WORONCZUK: So how much has Pfizer paid in federal taxes in recent years? And how does that compare to the ways that the company benefits from U.S. taxpayer money?
WAMHOFF: Right. So Pfizer is–the numbers that Pfizer makes public are very opaque. You know, these corporations, they do make some of their information public, and they file with the SEC. And when we look at Pfizer’s numbers, a lot of it doesn’t make sense. They say they have revenue in the U.S., but they say they have [incompr.] in the U.S. It’s confusing. It’s clear that they’re up to no good. It’s clear that they’re definitely engaging in various gimmicks.
You know, what we can say for sure is that we know that Pfizer has benefited from–I believe it’s over $4 billion of contracts with the federal government over the last four years. We know, obviously, Pfizer benefits immensely from programs like Medicaid and Medicare, which makes it possible for American individuals to buy their products. You know. And we also know for a fact that many of the products that Pfizer sells, the initial development have been in NIH, the National Institute for Health. So in many, many ways the public investments that are funded by American taxpayers are the investments that have made Pfizer’s profits possible. And now Pfizer wants to say that it has no responsibility to finance those investments.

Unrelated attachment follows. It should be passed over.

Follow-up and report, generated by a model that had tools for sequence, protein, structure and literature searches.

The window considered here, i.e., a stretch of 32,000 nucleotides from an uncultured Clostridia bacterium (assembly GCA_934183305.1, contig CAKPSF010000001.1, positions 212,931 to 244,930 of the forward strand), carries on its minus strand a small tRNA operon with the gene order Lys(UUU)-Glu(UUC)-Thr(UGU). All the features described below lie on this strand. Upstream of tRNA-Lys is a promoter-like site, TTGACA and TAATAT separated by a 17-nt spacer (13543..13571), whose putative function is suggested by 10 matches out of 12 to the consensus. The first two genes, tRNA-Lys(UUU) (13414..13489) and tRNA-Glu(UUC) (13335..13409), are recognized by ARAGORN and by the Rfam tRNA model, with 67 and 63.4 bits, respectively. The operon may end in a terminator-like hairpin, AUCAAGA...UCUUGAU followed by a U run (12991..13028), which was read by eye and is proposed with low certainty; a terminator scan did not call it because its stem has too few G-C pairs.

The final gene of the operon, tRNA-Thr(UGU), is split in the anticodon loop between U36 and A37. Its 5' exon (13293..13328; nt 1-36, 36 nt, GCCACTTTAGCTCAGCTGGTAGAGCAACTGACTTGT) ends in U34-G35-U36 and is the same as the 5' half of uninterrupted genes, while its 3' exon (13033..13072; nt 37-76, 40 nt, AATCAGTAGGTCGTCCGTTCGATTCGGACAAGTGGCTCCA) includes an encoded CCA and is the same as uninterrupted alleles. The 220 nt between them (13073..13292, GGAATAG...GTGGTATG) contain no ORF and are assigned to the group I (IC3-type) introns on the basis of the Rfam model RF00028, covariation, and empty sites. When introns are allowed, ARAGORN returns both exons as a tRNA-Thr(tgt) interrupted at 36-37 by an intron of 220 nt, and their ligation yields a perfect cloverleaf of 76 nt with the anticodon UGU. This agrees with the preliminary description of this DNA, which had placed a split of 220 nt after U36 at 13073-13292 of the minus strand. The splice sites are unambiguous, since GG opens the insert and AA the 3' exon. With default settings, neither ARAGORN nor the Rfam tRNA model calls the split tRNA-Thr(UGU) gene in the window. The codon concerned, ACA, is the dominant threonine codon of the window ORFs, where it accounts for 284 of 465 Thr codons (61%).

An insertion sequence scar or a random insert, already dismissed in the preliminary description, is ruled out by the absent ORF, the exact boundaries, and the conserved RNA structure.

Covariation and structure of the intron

WORONCZUK: So what reforms to corporate tax law should policymakers pursue in order to encourage U.S. companies like Pfizer to pay taxes?
WAMHOFF: Well, there are some proposals in the president’s most recent budget that would crack down on this practice. This is a practice that we call inversion, where corporations will claim to become a foreign company, even though the resulting–you know, the new entity that results from this is mostly owned by the same people in many cases. You know, the proposal that the president has put forward would say, look, if you merge–if you’re an American corporation and you merge with some sort of foreign corporation and the resulting entity is still majority owned by the same shareholders of the original American company, then we’re not going to recognize that–this new company as a foreign company. You’re still a U.S. corporation, because clearly the ownership has not changed.
The president’s proposal would also say that if the resulting company still has substantial business in the U.S. and it’s still managed and controlled in the U.S., then it is in fact a U.S. company. And that makes perfect sense. What we see here is companies like Pfizer that want to essentially fill out a couple of pieces of paper and then just say that they’re a foreign company, even though the ownership of [incompr.] company has not changed, the management is still in the United States, most of their business is in the United States [incompr.] a complete sham for them to say that they’re a foreign corporation. And the president’s proposals would say, no, we’re not going to do that, you are still a U.S. corporation, you will still be subject to U.S. taxes.
WORONCZUK: Okay. Steve Wamhoff of Citizens for Tax Justice, thank you so much for joining us.
WAMHOFF: Thank you.
WORONCZUK: And thank you for joining us on The Real News Network.